Women Expected to Be Most Impacted by Pandemic

The COVID-19 pandemic may have a greater economic and social toll on women, according to research and recent analysis. More than 60 percent of workers who have lost employment as a result of the coronavirus are women, reports the Institute for Women's Policy Research.

Author Soraya Chemaly writes that since women perform the majority of unpaid domestic housework and child care care, they will face the most disruption to their paid work, being more likely to lose their jobs during stay-at-home mandates. There is also a risk that while families are sheltering-in-place that patriarchal gender stereotypes will be reinforced at home. Read her article here.

In the article, Chemaly cites a study from Journal of Marriage and Family (JMF) that found chores are divided into masculine and feminine tasks, even among same-sex couples. This study is “Partner Characteristics and Perceptions of Responsibility for Housework and Child Care” by Long Doan and Natasha Quadlin. NCFR has temporarily made it free access to the general public. Access it here.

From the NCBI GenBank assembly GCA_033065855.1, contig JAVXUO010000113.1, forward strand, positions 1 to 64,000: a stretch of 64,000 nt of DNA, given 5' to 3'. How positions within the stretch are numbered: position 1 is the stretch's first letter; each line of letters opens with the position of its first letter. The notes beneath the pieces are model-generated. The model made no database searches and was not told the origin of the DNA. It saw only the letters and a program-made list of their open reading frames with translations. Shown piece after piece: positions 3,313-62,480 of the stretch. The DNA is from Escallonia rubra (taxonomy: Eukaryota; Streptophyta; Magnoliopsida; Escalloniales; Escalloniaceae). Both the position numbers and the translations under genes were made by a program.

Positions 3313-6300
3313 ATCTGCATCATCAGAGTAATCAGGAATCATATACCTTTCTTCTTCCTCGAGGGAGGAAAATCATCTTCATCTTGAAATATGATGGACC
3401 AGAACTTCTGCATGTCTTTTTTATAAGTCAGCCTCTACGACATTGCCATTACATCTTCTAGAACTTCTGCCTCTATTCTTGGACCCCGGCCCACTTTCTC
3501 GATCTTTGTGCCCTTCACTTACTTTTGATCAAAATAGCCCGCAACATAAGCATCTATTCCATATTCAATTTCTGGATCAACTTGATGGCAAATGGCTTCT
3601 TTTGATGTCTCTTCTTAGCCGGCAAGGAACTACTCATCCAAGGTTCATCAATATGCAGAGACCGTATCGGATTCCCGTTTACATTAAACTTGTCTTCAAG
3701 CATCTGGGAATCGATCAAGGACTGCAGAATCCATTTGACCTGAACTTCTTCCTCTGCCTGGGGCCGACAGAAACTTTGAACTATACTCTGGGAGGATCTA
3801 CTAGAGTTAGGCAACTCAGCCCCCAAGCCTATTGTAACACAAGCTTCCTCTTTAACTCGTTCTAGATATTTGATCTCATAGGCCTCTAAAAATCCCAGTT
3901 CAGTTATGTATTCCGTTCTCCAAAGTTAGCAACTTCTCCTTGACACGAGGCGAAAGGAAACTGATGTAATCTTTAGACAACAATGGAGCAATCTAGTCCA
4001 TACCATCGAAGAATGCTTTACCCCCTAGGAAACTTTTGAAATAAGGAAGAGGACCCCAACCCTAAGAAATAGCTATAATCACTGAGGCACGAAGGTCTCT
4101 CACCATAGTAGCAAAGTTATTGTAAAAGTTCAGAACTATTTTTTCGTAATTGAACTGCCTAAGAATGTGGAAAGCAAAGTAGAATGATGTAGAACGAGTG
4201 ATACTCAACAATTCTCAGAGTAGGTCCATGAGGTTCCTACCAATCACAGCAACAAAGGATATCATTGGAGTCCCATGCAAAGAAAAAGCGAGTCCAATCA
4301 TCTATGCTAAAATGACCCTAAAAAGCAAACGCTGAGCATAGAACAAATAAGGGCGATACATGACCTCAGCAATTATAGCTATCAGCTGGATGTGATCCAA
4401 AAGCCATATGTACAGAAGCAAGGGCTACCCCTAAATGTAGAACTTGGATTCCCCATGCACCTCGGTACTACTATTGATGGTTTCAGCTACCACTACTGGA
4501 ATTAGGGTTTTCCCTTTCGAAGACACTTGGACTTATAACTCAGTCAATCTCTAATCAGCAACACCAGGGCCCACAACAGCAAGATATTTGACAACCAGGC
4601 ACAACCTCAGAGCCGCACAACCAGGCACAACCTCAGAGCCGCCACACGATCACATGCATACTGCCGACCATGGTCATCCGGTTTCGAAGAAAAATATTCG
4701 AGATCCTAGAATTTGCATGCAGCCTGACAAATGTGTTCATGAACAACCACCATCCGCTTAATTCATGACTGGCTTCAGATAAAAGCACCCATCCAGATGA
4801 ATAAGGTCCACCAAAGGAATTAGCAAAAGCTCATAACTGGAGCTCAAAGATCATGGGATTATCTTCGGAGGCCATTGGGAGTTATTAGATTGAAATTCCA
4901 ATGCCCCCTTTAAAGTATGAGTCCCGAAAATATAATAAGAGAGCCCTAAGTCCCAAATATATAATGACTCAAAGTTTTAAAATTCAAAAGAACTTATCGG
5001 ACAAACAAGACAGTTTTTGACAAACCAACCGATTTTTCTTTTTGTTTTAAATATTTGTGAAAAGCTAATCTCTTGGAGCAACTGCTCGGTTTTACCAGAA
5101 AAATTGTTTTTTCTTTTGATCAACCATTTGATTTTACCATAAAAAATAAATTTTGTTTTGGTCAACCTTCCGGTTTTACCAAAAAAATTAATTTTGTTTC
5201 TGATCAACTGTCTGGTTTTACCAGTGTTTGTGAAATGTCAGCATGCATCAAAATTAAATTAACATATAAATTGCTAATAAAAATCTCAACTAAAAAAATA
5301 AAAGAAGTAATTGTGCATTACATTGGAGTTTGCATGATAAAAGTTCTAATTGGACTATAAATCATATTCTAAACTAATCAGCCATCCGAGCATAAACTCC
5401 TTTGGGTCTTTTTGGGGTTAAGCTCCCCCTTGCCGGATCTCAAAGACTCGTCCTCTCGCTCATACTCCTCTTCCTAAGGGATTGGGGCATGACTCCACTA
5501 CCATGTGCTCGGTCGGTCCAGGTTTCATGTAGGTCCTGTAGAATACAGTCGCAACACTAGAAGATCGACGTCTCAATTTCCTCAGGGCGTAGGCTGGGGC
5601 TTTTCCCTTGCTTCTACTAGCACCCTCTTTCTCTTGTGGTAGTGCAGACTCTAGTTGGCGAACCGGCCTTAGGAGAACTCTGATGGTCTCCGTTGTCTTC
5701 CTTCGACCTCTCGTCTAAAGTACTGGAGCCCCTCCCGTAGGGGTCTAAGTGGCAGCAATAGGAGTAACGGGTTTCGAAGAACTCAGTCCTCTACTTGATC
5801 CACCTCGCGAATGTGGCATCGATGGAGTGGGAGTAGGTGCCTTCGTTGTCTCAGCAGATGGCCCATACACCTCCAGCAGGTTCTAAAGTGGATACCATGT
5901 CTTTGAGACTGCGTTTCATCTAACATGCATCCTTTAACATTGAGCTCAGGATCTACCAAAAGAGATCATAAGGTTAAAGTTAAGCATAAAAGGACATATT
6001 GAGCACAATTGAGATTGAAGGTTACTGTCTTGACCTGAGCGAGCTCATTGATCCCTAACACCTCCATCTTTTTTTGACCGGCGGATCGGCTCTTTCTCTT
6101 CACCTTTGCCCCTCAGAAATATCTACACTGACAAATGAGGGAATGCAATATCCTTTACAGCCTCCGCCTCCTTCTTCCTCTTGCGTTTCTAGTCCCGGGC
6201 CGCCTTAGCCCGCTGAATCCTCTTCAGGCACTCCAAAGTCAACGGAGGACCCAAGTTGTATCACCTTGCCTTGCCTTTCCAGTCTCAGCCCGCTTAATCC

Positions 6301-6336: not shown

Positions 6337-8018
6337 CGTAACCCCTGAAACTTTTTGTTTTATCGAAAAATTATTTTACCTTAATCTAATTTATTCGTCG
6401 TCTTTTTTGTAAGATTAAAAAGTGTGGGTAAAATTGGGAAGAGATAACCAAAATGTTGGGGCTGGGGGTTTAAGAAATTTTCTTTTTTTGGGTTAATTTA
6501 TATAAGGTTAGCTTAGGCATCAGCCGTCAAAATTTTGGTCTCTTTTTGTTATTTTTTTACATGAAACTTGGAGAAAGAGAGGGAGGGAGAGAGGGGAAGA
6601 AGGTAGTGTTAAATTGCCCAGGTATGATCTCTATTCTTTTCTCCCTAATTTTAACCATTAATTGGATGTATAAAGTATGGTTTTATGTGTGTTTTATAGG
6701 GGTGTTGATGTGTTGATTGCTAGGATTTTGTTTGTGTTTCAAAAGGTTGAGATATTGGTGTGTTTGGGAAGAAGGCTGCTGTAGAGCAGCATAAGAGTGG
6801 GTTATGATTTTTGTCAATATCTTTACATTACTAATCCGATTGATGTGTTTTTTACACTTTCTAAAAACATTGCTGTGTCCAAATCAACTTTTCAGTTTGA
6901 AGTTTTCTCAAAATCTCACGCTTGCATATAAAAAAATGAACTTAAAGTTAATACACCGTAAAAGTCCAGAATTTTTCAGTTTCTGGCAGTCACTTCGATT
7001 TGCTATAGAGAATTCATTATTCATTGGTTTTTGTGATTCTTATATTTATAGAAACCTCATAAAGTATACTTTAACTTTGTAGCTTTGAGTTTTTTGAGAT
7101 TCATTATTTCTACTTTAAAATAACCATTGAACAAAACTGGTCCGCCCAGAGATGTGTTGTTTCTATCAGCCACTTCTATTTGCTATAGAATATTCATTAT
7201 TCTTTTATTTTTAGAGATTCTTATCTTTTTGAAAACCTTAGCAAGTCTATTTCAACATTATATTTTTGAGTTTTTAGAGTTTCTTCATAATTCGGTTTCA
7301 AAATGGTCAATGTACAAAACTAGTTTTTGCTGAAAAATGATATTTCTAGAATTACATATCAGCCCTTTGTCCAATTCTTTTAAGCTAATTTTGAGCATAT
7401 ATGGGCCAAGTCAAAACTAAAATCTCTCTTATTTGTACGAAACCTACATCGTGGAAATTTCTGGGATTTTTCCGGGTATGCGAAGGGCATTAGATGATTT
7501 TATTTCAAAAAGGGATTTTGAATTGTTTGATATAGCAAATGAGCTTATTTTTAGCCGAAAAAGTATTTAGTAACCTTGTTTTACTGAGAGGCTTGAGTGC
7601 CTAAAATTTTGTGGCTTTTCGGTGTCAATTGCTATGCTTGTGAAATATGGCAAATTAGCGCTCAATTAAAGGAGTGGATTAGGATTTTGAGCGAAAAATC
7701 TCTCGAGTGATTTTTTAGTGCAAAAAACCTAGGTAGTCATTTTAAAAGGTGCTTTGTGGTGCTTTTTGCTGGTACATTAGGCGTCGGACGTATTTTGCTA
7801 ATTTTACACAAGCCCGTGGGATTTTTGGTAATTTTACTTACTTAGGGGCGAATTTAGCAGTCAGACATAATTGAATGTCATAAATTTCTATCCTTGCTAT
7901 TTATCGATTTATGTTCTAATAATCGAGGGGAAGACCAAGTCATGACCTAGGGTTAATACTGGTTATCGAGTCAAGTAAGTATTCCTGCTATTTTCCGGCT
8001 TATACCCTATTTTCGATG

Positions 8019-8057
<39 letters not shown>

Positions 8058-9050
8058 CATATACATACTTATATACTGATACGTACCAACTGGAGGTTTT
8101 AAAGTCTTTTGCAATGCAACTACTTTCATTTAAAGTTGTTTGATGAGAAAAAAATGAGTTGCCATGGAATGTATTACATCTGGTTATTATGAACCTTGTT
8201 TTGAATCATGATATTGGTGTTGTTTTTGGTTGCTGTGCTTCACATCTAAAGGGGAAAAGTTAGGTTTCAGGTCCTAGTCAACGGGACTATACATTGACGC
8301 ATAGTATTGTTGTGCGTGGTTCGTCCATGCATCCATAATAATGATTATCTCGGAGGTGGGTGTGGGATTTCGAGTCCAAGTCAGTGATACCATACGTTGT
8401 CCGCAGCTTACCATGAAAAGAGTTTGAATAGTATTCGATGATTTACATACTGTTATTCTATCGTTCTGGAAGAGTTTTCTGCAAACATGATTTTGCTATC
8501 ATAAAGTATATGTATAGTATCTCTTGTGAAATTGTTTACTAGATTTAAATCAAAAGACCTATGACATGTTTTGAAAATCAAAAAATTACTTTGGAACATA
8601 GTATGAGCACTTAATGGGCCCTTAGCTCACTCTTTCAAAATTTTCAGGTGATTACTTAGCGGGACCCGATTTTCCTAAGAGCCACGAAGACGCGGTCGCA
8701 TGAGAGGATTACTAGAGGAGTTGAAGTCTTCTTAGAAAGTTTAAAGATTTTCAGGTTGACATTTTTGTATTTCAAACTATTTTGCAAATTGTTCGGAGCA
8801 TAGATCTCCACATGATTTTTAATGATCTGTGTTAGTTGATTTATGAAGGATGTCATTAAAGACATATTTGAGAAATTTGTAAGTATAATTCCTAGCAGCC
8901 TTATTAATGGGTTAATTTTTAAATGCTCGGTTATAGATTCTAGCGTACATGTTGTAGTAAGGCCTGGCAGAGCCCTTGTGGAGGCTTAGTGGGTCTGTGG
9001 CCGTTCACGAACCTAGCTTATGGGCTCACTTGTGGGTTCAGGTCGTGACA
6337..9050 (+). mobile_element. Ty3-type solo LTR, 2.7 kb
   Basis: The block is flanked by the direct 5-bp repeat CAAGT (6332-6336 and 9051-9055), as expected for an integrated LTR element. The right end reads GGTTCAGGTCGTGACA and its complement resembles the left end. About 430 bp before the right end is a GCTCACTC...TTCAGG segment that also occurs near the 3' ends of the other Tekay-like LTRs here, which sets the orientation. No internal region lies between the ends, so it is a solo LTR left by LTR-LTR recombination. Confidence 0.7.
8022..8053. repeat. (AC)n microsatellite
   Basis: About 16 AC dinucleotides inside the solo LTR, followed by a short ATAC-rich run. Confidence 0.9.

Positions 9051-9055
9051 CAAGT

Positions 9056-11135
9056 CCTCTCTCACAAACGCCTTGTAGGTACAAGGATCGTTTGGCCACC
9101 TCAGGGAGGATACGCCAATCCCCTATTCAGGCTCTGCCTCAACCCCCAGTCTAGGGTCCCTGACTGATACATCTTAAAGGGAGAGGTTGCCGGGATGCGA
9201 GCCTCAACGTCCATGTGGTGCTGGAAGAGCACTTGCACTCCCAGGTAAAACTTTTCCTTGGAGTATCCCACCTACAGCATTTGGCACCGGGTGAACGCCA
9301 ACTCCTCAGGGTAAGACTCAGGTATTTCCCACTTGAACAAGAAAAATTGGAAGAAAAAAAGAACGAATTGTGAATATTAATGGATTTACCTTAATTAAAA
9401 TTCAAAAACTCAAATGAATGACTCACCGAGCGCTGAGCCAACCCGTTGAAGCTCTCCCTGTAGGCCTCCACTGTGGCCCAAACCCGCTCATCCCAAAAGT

Early data also suggests that women researchers have been less productive during the pandemic. Inside Higher Ed reports that journal submissions from women are in decline. This trend has also been written about by the The Scholarly Kitchen.



Wiley, the publisher of NCFR's journals is seeking short perspective statements from editors and authors in various fields about how COVID-19 is impacting or may impact article submissions from women, and what is one thing that journals (or the research community at large) can do to support them. These statements can be short (100-150 words) and will be combined and published in a blog post on the Wiley Network. If interested, please contact Samantha Green.